Riser

The upright part of a step between two stair treads.

Saxony
A style of carpet usually of longer pile height than the usual twist. Ideal for any area where softness and luxury underfoot is required.

Seams
The term used to describe the joining of two carpet widths (or lengths) together to fit very large rooms. Modern seaming methods are strong and dependable.

Shag pile
A style of carpet usually of longer pile height than the saxony. Popular in the 1960’s this style has recently come back into fashion. The longer pile shags need to be combed and specific guidance should be obtained for their care and maintenance.

Shedding
This term describes how some carpets will naturally shed some fibres in the early stages of life. This is quite normal and you should not be unduly concerned.

Stain protection
A carpet treatment applied during manufacturing which helps protect the surface fibres from soiling and spillages. Scotchgard and Guardsman are branded on stain protection.

Stitch rate
Along with “gauge” this is used to calculate the density of a carpet and is not normally quoted in the retail shop. Ask your retailer to explain this term and how it affects your chosen carpet.

Twist pile
The most popular style of carpet in the UK today usually denoted by its relatively short pile length - can be very durable in the right construction.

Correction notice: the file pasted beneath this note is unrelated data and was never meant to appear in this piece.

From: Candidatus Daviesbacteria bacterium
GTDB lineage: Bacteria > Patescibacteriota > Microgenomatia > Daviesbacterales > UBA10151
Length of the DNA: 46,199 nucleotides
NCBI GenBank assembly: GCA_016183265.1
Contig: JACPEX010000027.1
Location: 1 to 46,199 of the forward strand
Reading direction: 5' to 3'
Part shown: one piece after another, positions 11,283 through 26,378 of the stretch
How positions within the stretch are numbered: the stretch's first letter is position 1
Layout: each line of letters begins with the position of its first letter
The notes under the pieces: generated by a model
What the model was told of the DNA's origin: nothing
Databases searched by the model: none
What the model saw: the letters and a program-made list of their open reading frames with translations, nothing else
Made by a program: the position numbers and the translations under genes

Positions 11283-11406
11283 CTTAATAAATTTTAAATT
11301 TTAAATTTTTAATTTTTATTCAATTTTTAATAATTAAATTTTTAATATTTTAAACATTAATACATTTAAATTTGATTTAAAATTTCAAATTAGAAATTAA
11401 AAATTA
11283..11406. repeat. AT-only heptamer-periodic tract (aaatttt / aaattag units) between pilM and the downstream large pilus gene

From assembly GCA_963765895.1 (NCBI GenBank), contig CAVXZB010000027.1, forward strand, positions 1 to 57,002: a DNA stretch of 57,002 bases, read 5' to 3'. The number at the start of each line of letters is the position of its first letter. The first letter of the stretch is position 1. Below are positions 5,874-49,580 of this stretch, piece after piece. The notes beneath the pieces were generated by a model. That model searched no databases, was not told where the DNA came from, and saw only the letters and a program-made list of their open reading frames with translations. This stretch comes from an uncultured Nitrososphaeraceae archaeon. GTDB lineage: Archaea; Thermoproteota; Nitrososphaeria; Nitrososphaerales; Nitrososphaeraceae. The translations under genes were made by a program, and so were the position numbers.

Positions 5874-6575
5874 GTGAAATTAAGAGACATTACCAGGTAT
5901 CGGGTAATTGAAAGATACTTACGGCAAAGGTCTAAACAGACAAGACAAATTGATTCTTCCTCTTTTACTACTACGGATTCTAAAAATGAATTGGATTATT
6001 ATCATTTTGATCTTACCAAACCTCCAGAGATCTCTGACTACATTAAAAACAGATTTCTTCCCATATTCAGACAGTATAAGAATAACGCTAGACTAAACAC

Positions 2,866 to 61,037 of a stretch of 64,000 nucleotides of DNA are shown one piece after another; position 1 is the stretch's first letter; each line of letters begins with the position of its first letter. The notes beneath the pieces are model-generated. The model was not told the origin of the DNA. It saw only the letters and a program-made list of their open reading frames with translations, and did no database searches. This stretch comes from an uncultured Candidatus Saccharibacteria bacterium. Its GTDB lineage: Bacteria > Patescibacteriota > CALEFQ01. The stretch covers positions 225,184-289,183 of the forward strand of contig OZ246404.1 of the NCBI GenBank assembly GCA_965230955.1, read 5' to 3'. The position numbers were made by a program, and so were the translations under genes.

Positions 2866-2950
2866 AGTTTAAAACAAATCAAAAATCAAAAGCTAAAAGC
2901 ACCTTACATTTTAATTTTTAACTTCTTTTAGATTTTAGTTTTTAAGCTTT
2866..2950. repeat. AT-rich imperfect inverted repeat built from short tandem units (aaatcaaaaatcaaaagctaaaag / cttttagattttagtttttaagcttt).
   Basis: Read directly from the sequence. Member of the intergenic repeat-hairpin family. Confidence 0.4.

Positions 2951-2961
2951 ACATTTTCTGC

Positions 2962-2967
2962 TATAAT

Underlay
The pad made from a variety of materials but usually rubber or felt, which helps cushion the carpet against wear. A good underlay will help prolong the life of your carpet.

Velvet or velour pile
Describes the appearance of a carpet. Velvet carpets are super-soft so generally for luxury use and not suitable for every room or heavy wear.

Warp
In woven carpet, yarns running lengthwise.

Wall to wall carpet
A carpet that covers the complete surface of a floor in a room. Normally the carpets are 4 or 5 m wide.

Weft
In woven carpet, yarns running crosswise between warp yarns.

Weight
Often used to compare the merits of different qualities, the pile weight of a carpet is usually measured in grams per square metre. Ensure you are comparing figures of the same type if using this as a comparison.

Whipping
A type of finish to the edge of a carpet. Typically used on hall or stair runners, or on rugs.

Woven
Axminster and Wilton carpets are woven types. Typically patterned and multi-coloured, they're usually hardwearing but more expensive than equivalent good quality tufted carpets.

80/20
The most popular yarn construction used today. The 80% is usually wool and the 20% usually a synthetic yarn added to either improve the characteristics of the wool or to bulk it out.